Postoperative pain remains an unresolved problem. On the other hand, over-reliance on opioids contributed to the so-called opioid epidemic [1,2]. But, surprisingly, pain and opioid use after surgery are variably well documented and described. Our team identified a knowledge gap in terms of strategies for managing acute and persistent postoperative pain, including long-term opioid use after surgery . Filling this knowledge gap has been considered a priority by the European Society of Anaesthesiology and Intensive Care (ESAIC). Therefore, ESAIC decided to support the Pain AND Opioids After Surgery (PANDOS) study and to endorse the establishment of the PANDOS ESAIC Research Group, both coordinated within the IAHS Epidemiology group. The current thesis project aims to work on PANDOS studies, aimed at documenting, describing and improving the quality and safety of pain management after surgery.
The first objective will be the PANDOS study, an observational study aimed at documenting the use of perioperative opioids and its safety in Europe (WHO’s definition of Europe) and at describing its association with adverse events and persistent pain. In a one-week prospective cohort study, data on the management of perioperative pain will be collected from all eligible hospitalized adult patients who undergo surgery at as many hospitals as possible in Europe. Anonymized data will be collected via eCRFs, using REDCap software. One week, 3 and 12 months after the study week, a follow-up will be carried out. The primary outcome will be the amount of any opioid used during the preoperative month (preoperative use), during surgery, after three months, and until the end of the postoperative year. Secondary endpoints will include the incidence of pain preoperatively, and at the end of the third postoperative month (persistent pain with / without the presence of neuropathic components). The potential association between opioid use and effects on pain will be investigated.
The amount of data and geographic richness will pave the way for unprecedented generalizable results, but also for sub-studies examining risk factors for unfavourable outcomes. But, more than that, PANDOS is a comprehensive research programme, designed to improve outcomes.
PANDOS-2, based on PANDOS and the Delphi study, will test, in a cluster-randomized implementation trial, a set of best practices aimed at addressing the issues identified previously. These problems may differ from country to country, and from centre to centre, justifying different strategies (e.g. insufficient access to pain management, inappropriate use of opioids, underdeveloped or inappropriate care pathways). But, if the issues may be different, the tool will be the same (set of good practices), allowing the development of tailored quality improvement programmes related to pain management, specific to each participating hospital, and applicable to all operated patients.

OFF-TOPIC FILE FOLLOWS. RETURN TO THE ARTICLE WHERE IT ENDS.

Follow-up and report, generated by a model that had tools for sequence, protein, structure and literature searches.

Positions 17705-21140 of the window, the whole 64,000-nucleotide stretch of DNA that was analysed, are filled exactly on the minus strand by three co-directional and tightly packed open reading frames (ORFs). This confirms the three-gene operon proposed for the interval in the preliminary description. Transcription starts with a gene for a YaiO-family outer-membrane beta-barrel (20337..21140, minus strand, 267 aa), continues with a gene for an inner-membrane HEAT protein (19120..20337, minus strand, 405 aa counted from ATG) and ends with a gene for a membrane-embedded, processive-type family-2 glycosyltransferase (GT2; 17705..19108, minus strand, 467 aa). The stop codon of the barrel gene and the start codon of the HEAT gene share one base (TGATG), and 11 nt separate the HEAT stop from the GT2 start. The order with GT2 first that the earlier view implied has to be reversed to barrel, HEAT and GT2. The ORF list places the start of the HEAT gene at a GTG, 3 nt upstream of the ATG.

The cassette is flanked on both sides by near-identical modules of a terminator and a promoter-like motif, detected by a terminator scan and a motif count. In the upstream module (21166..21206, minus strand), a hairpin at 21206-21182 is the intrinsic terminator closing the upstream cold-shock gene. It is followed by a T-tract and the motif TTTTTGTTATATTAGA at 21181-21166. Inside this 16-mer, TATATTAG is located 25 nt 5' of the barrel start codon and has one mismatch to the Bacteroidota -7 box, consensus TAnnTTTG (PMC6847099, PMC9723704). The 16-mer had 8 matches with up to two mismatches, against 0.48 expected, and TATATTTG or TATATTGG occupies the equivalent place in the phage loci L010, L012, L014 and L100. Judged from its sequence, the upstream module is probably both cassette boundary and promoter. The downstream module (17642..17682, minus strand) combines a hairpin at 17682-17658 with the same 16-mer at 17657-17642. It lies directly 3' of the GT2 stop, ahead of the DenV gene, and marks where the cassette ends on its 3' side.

The scope of the PhD project, while aiming to improve the management of acute and persistent pain after surgery and whether this may have an impact on the opioid crisis, will be discussed with the candidate. The project will be adapted according to specific interests and proposals of the candidate and, potentially, to newly identified research questions.
Candidates should contact the lead supervisor (Professor Patrice Forget) to discuss the project in advance of submitting an application, as supervisors will be expected to provide a letter of support for suitable applicants. Candidates will be informed after the application deadline if they have been shortlisted for interview.
International applicants are eligible to apply for this studentship but will have to find additional funding to cover the difference between overseas and home fees (approximately £17,000 per annum)
- Formal applications can be completed online: https://www.abdn.ac.uk/pgap/login.php
- You should apply for the Degree of Doctor of Philosophy in Applied Health Sciences to ensure your application is passed to the correct team
- Please clearly note the name of the supervisor and exact project title on the application form. If you do not mention the project title and the supervisor on your application it will not be considered for the studentship.
- Candidates should have (or expect to achieve) a minimum of a First Class Honours degree in a relevant subject. Applicants with a minimum of a 2:1 Honours degree may be considered provided they have a Distinction at Masters level.
- General application enquiries can be made to [Email Address Removed]